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Dear Mr. Crowley,

I am pleased to hear of your interest in Sumerian Magical History. I apologize for the delay in this reply, but I was unable to locate the requested information in our library. As such I am indebted to Professors Michel LeFevre of the Catholic University of Paris, and Christopher Higgins of Columbia. I have enclosed their contact information if you wish to correspond directly with them.

Though the hypothesis may never be decisively proven, prison records from the Sumerian city of Shuruppak indicate an insane heretic by the name of Ninazu being imprisoned and a number of supposedly magical artifacts being entered into the royal treasury of King Ubara-Tutu of Shuruppak. Records also indicate that Ninazu married and had a son, Damuzi, before going mad.

Ubara-Tutu was the last king mentioned in the Sumerian King List before “the flood swept over.” Some hypothesize that the legendary Ziudsura, believed by some to be the inspiration for the story of Noah, was a descendant of Damuzi, although this hypothesis is based solely on the assumption that Ninazu’s stronger than average connection to magical energy (see the note about The Spark, below) is a plausible explanation for Ziudsura’s phenomenal luck. Monsieur LeFevre believes that this sensitivity is what allowed “Noah” to hear the voice of Yahweh. This, however, is a question for a theologist or biblical scholar, which I am not qualified to address.

Some comment must be made of the previously mentioned sensitivity which is believed to have been held by Ninazu and Ziudsura. Modern subscribers of Ninazu’s theories, most prominently the Ninazu Izi Society (NIS), believe him to have had a natural gift, known as the Spark, which was the source of his unusual theory (they call it “insight.”) There is some debate, even within the NIS, as to whether the Spark is genetic or supernatural in nature.

Ninazu’s research was rediscovered by his descendent, Ekur of Uruk during the Sumerian Renaissance of the twentieth century BCE. Ekur saw his ancestor’s unique research as a means to Sumerian ascendancy, but history was against him and both Ninazu’s line and Sumer itself would fade into obscurity until the era of the Hittite Empire.

It is unclear how Ninazu’s artifacts survived so long without incident, or even how many of them survived at all, but it is the opinion of the NIS that both the Spark and several of the artifacts in question were in the possession of a Luwian mage known in Greek records as Hyntasis. Hyntasis was an associate of the secessionist king Primua of Wilusa (better known as Priam of Troy) and many believe that Ninazu’s artifacts played a great role in Priam’s defeat of the Hittite Emperor Muwatalli II.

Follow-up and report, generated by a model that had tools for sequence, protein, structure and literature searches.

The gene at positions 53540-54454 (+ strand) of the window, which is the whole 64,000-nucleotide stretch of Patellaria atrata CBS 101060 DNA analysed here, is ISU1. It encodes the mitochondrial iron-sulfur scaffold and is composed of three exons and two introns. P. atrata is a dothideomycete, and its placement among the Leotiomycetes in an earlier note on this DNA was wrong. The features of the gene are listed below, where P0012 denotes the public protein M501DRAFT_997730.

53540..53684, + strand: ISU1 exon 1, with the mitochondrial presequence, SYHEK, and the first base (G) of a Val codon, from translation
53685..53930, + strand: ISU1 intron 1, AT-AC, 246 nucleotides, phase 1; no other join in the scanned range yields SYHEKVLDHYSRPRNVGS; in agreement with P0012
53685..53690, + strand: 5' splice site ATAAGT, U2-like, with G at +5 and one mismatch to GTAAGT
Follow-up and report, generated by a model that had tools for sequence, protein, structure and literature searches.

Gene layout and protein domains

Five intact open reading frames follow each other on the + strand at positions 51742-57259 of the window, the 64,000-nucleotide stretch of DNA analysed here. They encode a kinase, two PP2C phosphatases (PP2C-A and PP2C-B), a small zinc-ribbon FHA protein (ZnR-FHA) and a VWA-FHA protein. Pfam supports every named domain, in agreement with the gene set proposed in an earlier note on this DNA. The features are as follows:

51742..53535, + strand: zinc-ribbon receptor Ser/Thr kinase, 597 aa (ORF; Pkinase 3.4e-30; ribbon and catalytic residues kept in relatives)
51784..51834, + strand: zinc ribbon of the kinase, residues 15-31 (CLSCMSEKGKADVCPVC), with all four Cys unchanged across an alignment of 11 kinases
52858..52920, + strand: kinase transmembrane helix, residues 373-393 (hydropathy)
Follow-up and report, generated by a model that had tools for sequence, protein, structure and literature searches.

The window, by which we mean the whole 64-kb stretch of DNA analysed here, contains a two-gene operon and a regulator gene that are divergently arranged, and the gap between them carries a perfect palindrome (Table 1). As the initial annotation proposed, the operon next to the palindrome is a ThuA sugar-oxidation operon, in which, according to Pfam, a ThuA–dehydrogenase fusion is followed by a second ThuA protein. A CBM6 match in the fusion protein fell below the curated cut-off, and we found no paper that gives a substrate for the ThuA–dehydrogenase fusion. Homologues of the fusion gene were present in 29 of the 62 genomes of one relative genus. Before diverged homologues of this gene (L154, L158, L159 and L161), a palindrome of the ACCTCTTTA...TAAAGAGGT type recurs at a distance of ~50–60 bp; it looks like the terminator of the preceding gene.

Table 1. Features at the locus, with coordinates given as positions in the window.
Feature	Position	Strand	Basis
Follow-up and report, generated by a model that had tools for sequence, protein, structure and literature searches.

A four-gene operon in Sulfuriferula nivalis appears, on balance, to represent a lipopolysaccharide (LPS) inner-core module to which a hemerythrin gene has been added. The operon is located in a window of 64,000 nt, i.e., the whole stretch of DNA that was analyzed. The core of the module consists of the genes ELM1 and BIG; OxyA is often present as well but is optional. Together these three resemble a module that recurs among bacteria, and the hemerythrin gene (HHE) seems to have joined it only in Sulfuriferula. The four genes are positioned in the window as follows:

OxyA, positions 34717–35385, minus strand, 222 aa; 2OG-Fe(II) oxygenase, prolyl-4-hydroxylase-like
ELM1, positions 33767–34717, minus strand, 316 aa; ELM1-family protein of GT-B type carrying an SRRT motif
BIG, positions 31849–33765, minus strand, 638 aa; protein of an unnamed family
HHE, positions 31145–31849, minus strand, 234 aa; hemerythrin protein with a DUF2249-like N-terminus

Again, however, the fortunes of Ninazu’s artifacts would prove short lived. As you probably know, Troy fell to the Greeks during what Prof. LeFevre drolly calls, “The Horse Incident.” The Artifacts of Ninazu were among the many treasures looted by the Greeks. While the chain of ownership is unclear according to the current archaeological record, it is believed that the so-called Gordian Sword wielded by Alexander of Macedonia was one of the artifacts brought back to Greece after the fall of Troy.

Though separated from most of the artifacts, Hyntasis did not die in Troy but accompanied Aeneas from Troy to Carthage (Qart-Hadasht) and finally to Italy where his son, Tivasis was present when Aeneas’s son, Ascanius, founded the city of Alba Longa. Tivasis then moved on to Atlantis. It is also speculated that the semi-mythical MacDiobhais clan of Ireland are of Tivasis’s lineage, having conquered Britain alongside Brutus.

It is here that Tivasis’s line seems to disappear into historical oblivion. Though he is known to have fathered several children, no direct records of them or their progeny survive, and if any later generations are recorded there is no known link between any of them, apart from the MacDiobhais clan, and Tivasis. Even the MacDiobhais clan has faded into obscurity, with no one in Britain or Ireland openly using the name.

This is the extent of what I have been able to find in the short amount of time I have been allotted for research. If you have any more questions, please feel free to contact me, Prof. LeFevre, or Dr. Higgins at the addresses enclosed. Also do please pass on my gratitude to your sister for her generous donation to our department.

As for your other inquiry, concerning the continued existence of true magic in the modern era, the evidence does exist, though it is sparse. While much of the energy in the world was released when the Gordian Knot was cut, some still lingers. Most of it exists in the form of supernatural beings: vampires, dybbukim, were-creatures, etc. A few cases of humans developing limited magical abilities, what you English might call, “super powers,” have been reported. There are also an extremely small number, approximately two dozen in the entire world, full-fledged mages still around.

Nolan Banks, PHD
Department of Archaeology
Oxford University


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